Despite a full pitch pipeline, however, the amount of money up for grabs is 21% lower globally than it was a year ago, according to the R3 data. The situation is worse in the U.S., where pitch volume was flat year over year, while collective pitch value fell 38%.

Ultimately, holding companies are competing for a surge of accounts that add up to less money, which could lead to servicing specific lines of business or taking on smaller projects instead of managing all their clients’ needs as agencies of record.

“A lot of holding groups have now pivoted to a much more flexible model. It’s difficult to gauge the long-term value of some of these creative relationships, so the creative AOR [business model] has become a challenge,” Paull said.

No hiring freezes—yet

These ample opportunities suggest another reason holding companies haven’t yet made sweeping staff cuts: fear of cutting too many employees to service snowballing accounts. Pandemic layoffs left agencies unprepared to tackle a 2021 new business surge, and more work necessitates maintaining full houses.

Dentsu, Havas, IPG, Publicis, S4 Capital, Stagwell, Omnicom and WPP do not have official hiring freezes in place. But the majority of those companies will hire as few employees as possible.

“When you are overseeing a business that has a very disparate set of capabilities and assets across the portfolio and a business that is global, it’s not the case that you can say there is a [hiring] freeze across the organization,” Krakowsky said.

To that point, Sorrell kept S4’s head count at about 9,000 since “over-hiring” at the beginning of 2022, he said, with plans to add 500 more employees this year.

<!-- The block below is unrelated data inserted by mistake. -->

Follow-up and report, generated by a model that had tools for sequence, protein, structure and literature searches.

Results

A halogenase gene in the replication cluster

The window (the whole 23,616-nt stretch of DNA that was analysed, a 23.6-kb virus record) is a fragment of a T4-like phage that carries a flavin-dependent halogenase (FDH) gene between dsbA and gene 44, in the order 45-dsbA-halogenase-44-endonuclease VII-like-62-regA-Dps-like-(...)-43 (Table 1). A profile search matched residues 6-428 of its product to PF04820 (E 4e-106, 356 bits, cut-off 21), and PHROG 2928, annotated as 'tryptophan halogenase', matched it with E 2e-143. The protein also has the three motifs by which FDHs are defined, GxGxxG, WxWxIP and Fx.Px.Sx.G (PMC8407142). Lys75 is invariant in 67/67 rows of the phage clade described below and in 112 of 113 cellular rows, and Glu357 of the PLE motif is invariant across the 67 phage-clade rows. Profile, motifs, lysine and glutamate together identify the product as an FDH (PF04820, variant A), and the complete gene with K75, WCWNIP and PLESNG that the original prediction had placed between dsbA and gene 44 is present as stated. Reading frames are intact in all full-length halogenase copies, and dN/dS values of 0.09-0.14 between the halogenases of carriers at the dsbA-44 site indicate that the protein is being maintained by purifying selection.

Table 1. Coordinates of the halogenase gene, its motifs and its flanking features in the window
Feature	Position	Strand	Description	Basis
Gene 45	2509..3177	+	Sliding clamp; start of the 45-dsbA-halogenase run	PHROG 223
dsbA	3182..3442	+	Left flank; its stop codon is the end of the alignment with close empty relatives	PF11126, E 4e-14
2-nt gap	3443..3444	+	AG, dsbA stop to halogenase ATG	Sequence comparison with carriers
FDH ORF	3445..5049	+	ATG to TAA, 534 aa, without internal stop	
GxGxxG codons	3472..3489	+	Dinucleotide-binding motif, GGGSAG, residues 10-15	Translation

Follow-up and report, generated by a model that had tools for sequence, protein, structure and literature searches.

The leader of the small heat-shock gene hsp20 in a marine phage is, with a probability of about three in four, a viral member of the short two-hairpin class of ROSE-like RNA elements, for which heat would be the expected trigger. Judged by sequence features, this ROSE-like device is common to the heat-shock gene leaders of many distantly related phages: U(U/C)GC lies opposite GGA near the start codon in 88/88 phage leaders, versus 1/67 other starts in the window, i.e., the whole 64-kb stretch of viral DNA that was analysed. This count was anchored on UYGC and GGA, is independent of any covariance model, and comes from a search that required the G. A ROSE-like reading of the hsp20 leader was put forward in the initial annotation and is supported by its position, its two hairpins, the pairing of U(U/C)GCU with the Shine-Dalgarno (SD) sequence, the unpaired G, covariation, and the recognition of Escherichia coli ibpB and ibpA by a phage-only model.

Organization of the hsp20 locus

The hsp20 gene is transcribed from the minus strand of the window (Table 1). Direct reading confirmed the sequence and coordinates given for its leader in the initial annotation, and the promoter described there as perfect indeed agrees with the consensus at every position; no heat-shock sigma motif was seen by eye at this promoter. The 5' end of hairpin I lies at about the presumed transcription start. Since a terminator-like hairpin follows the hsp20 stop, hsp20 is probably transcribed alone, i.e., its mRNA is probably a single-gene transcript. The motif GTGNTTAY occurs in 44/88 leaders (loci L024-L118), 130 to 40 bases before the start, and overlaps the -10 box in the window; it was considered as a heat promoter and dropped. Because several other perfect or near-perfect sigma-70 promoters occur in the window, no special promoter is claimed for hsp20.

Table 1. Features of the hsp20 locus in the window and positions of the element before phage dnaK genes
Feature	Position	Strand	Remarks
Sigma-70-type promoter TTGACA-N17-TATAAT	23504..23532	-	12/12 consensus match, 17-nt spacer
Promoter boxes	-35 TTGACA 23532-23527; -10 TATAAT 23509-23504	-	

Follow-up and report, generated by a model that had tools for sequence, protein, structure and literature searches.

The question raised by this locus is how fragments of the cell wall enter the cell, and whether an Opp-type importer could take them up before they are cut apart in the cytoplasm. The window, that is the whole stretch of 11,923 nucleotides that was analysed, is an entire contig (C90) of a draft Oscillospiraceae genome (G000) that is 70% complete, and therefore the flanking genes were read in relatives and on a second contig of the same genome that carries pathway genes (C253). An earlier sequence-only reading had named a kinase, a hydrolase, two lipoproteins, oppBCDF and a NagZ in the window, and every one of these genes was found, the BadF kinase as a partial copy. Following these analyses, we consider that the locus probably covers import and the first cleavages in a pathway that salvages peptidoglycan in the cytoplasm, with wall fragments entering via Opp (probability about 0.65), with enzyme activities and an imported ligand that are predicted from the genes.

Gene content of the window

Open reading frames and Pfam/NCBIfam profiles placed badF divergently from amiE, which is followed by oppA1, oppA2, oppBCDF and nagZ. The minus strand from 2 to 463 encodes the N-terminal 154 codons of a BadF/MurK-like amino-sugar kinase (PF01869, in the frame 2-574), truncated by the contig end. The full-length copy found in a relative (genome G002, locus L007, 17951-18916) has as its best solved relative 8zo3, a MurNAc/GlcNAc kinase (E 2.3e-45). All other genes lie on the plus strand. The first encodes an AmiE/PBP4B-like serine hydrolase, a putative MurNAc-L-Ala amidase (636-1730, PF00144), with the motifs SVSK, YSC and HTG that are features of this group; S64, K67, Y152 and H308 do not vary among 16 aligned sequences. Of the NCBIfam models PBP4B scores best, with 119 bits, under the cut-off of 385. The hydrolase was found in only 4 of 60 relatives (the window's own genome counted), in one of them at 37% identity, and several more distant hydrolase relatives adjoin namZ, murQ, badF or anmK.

Agency employees aren’t guaranteed job security, either. It’s likely that holding companies are making small, targeted staff cuts at the management levels, said Brian Dolan, CEO and founder of marketing staff augmentation company WorkReduce. They are redistributing budgets, either hiring more mid-senior level individual contributors or investing in freelance talent, he added.

Nontraditional revenue streams

Despite leaders’ lukewarm attitudes, all the holding companies grew organic revenue in Q3, except Dentsu, which fell 4.7%. Stagwell was up 11.3%; Publicis grew 10.3%; Omnicom jumped 7.5%; IPG was up 5.6%; WPP increased 3.8%; and Havas grew 3.2%.

“It’s interesting that in the first nine months of the year, WPP, and indeed the average of the holding companies, has grown faster than the aggregate of Google, Meta, Snap and Twitter,” said Mark Read, WPP’s CEO. “I think that comes down to the range and breadth of our services that go beyond advertising.”

These other services are mostly business transformation services, data licensing and SaaS, which more holding companies are deploying amid declines. Technology and data sales are a boon when service costs slump. Publicis, IPG and Dentsu have the added advantage of leveraging their Epsilon, Acxiom and Merkle assets, respectively, to glean data licensing revenue.


Publicis’ Epsilon and Sapient investments “put us at the heart of our clients’ transformation and diversified our revenue mix, enabling us to outperform the market in the past years,” CEO Arthur Sadoun said.

S4 Capital, which did not make significant staff cuts during the pandemic, doubled down on what Sorrell called “alternative revenue sources,” such as robotics, online experiential (or Web3) and animation, and said he’ll employ this strategy again if necessary.

While their 2023 plans may still be up in the air, one thing seems certain for holding companies this year: Transformation is on the way. “Human nature being what it is,” said Sorrell, “people tend to embrace change when times are difficult, not when they’re easy.”